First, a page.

Chemist hopes to force Alzheimer's to show its hand
In the past few years, despite the best efforts of scientists and medical researchers, drug after drug designed to slow or stop the progression of Alzheimer’s disease has failed in clinical trials. Some had no effect on the progression of the disease, others made patients’ symptoms worse, and yet others produced results so equivocal it was difficult to interpret them.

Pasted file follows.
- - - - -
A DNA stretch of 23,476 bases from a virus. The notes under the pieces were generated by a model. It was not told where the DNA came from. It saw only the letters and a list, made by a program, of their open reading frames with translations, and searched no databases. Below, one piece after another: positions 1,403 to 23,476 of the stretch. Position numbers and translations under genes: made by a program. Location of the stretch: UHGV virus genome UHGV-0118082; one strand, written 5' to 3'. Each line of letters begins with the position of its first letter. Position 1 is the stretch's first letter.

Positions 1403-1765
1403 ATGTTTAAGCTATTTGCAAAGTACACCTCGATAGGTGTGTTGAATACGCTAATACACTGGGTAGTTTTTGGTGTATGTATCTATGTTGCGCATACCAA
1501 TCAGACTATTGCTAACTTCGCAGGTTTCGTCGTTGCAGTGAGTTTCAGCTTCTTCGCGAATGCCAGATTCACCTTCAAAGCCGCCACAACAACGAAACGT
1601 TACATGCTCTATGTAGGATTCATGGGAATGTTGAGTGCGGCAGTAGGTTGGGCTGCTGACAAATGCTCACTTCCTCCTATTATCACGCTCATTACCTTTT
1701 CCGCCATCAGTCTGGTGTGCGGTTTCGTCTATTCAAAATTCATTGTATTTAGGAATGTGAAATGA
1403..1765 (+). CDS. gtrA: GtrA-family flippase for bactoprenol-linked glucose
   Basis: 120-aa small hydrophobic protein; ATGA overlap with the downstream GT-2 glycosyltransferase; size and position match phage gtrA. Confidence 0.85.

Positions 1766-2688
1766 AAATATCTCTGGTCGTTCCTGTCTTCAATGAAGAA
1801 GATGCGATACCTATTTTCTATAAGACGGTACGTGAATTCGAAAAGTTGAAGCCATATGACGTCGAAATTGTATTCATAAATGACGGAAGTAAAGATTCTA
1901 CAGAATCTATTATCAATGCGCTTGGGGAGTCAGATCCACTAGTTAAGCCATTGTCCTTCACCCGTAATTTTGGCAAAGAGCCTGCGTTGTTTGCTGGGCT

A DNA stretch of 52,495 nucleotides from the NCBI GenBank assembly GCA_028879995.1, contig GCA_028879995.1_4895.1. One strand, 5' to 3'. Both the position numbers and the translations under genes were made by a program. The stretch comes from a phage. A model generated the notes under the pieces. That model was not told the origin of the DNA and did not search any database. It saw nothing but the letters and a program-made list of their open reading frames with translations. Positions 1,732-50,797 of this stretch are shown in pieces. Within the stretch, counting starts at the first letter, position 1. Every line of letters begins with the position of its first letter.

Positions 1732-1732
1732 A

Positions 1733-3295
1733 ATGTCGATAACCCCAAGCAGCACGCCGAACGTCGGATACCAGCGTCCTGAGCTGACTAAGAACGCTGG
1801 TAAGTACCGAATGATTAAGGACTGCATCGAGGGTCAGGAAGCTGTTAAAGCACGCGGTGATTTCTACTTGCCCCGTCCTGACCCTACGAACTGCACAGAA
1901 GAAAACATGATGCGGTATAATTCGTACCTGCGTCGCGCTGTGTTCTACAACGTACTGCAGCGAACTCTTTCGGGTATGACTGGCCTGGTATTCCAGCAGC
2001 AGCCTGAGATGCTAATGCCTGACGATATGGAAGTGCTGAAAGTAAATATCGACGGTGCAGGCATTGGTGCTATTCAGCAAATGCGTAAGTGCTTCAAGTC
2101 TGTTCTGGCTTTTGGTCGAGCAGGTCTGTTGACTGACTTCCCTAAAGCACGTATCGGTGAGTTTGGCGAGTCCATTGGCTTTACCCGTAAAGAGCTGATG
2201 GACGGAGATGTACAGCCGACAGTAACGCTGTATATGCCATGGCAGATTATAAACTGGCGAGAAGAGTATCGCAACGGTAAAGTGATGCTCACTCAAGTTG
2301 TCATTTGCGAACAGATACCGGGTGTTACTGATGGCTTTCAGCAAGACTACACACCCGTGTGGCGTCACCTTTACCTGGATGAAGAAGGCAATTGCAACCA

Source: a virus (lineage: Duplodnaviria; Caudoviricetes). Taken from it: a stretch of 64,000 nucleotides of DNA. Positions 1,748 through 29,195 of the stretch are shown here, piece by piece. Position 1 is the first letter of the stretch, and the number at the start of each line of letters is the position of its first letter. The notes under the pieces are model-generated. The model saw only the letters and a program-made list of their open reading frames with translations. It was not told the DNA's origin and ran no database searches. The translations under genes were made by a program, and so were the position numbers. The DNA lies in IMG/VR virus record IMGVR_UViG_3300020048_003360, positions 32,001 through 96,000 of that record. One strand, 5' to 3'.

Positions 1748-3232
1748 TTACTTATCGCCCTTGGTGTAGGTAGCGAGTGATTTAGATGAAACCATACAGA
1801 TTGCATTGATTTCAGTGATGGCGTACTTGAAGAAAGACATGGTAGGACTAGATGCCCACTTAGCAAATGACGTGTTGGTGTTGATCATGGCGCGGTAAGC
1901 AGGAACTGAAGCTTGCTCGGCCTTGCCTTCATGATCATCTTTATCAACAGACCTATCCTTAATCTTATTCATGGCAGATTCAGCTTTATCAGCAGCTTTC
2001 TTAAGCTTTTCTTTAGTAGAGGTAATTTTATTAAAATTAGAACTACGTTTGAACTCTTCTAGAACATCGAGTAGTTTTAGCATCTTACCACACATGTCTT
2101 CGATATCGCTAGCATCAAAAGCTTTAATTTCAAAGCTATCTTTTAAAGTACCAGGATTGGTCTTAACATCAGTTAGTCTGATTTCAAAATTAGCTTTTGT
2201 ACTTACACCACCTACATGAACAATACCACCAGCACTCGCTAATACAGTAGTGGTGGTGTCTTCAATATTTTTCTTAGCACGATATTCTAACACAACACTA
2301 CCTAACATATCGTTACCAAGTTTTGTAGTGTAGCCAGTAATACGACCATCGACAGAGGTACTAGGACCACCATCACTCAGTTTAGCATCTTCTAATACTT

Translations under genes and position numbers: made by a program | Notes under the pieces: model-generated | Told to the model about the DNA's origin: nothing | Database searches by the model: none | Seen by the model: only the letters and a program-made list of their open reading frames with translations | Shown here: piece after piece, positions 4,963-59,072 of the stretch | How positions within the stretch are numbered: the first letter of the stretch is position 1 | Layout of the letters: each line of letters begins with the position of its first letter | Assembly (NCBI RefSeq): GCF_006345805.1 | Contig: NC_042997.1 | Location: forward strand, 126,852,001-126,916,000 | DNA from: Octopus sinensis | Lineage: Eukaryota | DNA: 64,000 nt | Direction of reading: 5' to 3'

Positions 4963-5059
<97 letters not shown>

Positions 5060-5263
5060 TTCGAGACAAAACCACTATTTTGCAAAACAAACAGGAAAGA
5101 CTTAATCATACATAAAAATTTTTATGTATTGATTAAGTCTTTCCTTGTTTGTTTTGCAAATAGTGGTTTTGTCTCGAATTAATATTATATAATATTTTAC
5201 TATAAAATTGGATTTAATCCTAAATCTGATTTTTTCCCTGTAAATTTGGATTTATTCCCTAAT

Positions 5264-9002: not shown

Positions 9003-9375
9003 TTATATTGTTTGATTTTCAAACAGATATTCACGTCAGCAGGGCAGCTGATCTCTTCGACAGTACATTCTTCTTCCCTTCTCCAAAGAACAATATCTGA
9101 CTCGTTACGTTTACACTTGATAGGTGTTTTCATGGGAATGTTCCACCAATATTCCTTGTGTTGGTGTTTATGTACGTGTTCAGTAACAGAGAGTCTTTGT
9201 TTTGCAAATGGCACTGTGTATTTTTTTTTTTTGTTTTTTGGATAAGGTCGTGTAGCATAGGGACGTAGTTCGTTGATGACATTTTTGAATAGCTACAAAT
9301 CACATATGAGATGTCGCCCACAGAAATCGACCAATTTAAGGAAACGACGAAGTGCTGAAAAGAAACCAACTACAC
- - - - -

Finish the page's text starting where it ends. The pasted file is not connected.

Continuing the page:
Given this ongoing challenge, some scientists have begun to question the model of the disease many of the drugs assume. Known as the amyloid cascade hypothesis, it posits that the cognitive decline in Alzheimer’s is caused by the accumulation in the brain of plaques, or aggregates, of thousands of copies of a peptide called amyloid beta.
Instead of being neurotoxic, the plaques may actually be protective, said Liviu Mirica, associate professor of chemistry in Arts & Sciences at Washington University in St. Louis. Read more.